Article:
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Pirates hijack Chinese cargo ship near Iranian port

By Agence France-Presse
Friday, April 6, 2012 13:15 EDT
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Armed Somali pirates carrying out preparations to a skiff in Hobyo, northeastern Somalia, in 2010. [AFP Photo]
 
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A Chinese cargo ship was hijacked by pirates on Friday in the Gulf of Oman, not far off the south of Iran, state media said, citing China’s embassy in Tehran.

The vessel was attacked on Friday morning near the Iranian port of Chabahar, according to the Xinhua news agency. The Chinese embassy in Iran has initiated an “emergency” operation aimed at rescuing the ship, it added.

“The Chinese embassy… immediately established contact with relevant Iranian authorities demanding (that) Iran adopt all necessary measures to fully rescue the ship and crew,” Xinhua said.

It offered no other details including the nationality of the hijackers.

According to China Radio International, the vessel, the Xianghuamen, is owned by Yuanyang shipping company in eastern China’s Nanjing city and was sailing with a crew of 28.

The waters of the Arabian Sea, at the northern tip of the Indian Ocean, have seen hundreds of pirate attacks in recent years, with Chinese shipping vessels routinely targeted.

China has also been heavily involved in anti-piracy missions in the Gulf of Aden, off the coast of Somalia, and in international waters near the Gulf of Oman.

About 85 percent of China’s oil imports and 60 percent of its exports are routed via the Gulf of Aden and through the Indian Ocean, making the region extremely important for Chinese trade.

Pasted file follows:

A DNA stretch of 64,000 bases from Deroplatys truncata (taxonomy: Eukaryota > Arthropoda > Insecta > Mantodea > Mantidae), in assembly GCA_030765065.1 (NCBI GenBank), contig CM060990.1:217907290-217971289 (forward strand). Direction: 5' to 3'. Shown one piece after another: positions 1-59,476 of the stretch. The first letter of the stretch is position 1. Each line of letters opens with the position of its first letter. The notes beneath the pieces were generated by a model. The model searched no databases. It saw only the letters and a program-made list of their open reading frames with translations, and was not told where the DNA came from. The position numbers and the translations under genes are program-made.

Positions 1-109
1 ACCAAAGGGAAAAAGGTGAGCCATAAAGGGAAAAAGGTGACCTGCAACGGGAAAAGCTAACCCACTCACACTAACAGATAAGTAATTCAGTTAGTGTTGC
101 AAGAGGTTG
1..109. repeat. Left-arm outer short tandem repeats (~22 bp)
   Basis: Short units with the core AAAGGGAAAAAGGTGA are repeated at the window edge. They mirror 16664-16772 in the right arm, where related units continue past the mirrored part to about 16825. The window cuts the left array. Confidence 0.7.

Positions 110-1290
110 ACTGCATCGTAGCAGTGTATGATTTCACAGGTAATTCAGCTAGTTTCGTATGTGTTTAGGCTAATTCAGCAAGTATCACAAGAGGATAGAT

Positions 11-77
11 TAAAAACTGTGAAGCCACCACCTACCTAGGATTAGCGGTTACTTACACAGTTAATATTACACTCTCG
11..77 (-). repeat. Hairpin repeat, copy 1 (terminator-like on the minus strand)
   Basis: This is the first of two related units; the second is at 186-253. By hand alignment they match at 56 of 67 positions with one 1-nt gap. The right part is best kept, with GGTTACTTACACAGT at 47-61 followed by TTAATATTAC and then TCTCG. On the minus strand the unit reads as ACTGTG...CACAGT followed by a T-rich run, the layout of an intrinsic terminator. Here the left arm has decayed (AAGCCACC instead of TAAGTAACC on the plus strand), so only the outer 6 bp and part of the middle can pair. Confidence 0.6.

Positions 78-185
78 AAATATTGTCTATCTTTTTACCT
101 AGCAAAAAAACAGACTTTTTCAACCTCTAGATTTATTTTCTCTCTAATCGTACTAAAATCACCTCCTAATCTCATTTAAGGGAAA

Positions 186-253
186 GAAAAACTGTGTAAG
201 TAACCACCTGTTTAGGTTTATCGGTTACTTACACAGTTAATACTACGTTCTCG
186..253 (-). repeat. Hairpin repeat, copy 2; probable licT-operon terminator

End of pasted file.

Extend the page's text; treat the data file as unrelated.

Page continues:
Since 2008, China has sent 10 escort missions and more than 8,000 military personnel to the Gulf of Aden, escorting more than 4,300 vessels in the process, state-run China Daily said last year.

In June last year, a Chinese shipping vessel and a crew of 29 were released by pirates after being held in captivity for 207 days.

China has also formed military links in Africa and in the Indian Ocean in order to protect its growing economic interests in the region, including its ocean-going transport ships.

In December last year, Beijing not only committed to support Ugandan forces operating in Somalia but also pledged to help the Seychelles fight piracy.

Agence France-Presse
Agence France-Presse
AFP journalists cover wars, conflicts, politics, science, health, the environment, technology, fashion, entertainment, the offbeat, sports and a whole lot more in text, photographs, video, graphics and online.
 
 
 
 
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